Understanding your priorities and goals: Your financial advisor should gain an understanding of your particular priorities and goals first and foremost. While it is great to have an advisor throw out different strategies and ideas for your estate plan, an advisor isn’t really fulfilling their role unless they have a good understanding of what is important to you. Once they have helped you identify those priorities, you can move on to the next step in the estate planning process.

Examining your estate planning documents: To better understand where you are coming from and what planning you have already done, it is important for your financial advisor to see your current estate planning documents. These documents can include: a will, a trust, healthcare directives, power of attorney, and any other document that could dictate where your assets will go and when. 

This is an important step because your advisor can take your priorities and objectives and overlay them on your current estate planning documents to see if they coincide as they should. If there is some variation or contradiction, your advisor can help you reroute your documents to better reflect your unique goals and priorities.

In my experience, if an executive has done previous estate planning, their documents aren’t always up to date, which can cause a conflict between their intentions and the wording in the estate documents.

Working with your estate planning attorney: A trusted financial advisor knows the value of working with other professionals who are experts in their field and the resources and insights that come with that. For this reason, your advisor should, at a minimum, offer to sit down with you and your estate planning attorney to review your estate planning documents.

It’s important for your financial planning team to work in conjunction with your estate planning attorney, along with your CPA or tax advisor, when developing estate planning strategies. To achieve the most beneficial outcome possible for your family, you need to be sure that all of your advisors and personal planning professionals are on the same page and have your best interests in mind.

Developing investment strategies: Lastly, your financial advisor should help you develop and implement investment strategies that coincide with and complement your overall estate plan. Whether those strategies include setting up your own personal donor-advised fund or working with an estate planning attorney to set up and fund a charitable remainder trust, your advisor should help you see where these investment strategies line up with your estate planning strategies.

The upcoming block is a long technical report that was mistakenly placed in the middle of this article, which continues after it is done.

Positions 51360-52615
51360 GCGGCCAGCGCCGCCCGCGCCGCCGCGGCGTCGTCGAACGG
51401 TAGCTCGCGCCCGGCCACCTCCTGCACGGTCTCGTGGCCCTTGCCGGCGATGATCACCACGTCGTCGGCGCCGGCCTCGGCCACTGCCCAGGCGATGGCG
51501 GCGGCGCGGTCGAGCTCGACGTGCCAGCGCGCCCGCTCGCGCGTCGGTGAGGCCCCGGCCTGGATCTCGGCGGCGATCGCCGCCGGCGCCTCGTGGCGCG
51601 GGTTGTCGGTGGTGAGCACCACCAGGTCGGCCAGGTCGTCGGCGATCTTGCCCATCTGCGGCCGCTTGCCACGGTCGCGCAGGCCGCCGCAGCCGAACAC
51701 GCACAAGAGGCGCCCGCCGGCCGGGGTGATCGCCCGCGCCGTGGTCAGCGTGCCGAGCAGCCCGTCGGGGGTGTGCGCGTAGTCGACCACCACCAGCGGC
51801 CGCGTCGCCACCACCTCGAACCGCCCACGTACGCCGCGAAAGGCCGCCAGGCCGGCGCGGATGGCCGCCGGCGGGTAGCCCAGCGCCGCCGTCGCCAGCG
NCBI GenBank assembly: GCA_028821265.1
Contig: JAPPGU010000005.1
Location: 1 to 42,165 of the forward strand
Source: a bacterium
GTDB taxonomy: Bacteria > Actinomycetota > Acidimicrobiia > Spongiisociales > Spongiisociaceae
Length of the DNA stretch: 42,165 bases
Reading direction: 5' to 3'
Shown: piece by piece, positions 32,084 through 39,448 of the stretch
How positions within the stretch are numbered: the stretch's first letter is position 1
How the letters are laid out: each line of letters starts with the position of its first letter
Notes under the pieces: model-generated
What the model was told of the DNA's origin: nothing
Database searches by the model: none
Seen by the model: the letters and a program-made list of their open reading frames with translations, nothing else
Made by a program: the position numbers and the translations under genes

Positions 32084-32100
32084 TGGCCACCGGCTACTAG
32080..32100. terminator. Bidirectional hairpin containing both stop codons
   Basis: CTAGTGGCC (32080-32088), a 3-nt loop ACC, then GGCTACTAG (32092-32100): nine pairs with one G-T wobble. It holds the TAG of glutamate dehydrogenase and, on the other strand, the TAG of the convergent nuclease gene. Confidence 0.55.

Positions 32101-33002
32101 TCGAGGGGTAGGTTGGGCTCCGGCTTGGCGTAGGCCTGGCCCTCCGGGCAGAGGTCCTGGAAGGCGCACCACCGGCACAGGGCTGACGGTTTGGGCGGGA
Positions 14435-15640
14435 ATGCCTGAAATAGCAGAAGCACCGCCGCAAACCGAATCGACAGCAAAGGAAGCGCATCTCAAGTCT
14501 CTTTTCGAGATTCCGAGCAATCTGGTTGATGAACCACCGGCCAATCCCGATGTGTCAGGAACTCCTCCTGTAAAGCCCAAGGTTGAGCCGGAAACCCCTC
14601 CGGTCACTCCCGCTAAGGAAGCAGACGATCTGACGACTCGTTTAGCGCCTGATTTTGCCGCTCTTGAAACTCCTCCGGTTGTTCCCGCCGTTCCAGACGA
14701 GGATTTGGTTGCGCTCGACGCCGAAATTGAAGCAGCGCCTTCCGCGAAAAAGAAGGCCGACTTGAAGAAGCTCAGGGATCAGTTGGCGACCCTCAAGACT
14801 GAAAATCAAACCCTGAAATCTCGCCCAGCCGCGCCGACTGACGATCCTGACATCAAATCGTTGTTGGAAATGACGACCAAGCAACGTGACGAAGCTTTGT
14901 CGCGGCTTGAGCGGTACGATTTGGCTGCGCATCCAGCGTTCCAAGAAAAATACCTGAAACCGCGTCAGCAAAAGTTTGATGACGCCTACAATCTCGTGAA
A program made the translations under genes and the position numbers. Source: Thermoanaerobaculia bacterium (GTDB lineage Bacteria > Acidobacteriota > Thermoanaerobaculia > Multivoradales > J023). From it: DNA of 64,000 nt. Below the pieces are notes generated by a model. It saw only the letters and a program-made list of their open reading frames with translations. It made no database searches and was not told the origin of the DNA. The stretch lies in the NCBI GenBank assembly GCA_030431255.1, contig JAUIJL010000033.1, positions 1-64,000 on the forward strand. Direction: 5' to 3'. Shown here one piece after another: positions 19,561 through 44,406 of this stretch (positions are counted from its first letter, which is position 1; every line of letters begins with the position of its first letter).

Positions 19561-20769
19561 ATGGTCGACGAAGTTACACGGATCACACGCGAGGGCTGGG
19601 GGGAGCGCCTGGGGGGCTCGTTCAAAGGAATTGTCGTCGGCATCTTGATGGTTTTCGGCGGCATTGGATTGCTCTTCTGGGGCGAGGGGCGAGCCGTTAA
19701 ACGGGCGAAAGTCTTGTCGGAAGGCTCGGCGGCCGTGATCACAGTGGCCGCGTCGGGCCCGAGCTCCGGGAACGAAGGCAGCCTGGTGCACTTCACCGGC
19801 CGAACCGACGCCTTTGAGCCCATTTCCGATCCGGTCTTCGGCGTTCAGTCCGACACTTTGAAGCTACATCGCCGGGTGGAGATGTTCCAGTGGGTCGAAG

Financial Advisor Wealth Management Services


Above, we have discussed the three main services your financial advisor should be offering you as a top-level executive client. While there are many other services that could be offered, such as strategic asset allocation management and Social Security benefits analysis, the three we’ve outlined are a great starting point for any executive looking for a trusted advisor to offer guidance and insight.

From a service standpoint, when financial planning colleagues and other financial professionals inquire about wealth management services geared toward serving top-level executives, I always point back to the importance of a tried-and-true process and a wealth of advisors. Leveraging these two things, you should be able to develop a unique and effective financial plan. Whether your priority is to manage your concentrated stock position or ensure that your estate planning affairs are in order, an expert executive financial advisor can help you develop and implement strategies that address your needs and fit into your overall financial plan.


What do you want your success to help you accomplish next? No dream is too big. Contact Wade and the Carpenter Team today for strategic wealth management advice that will enable your goals now and into the future.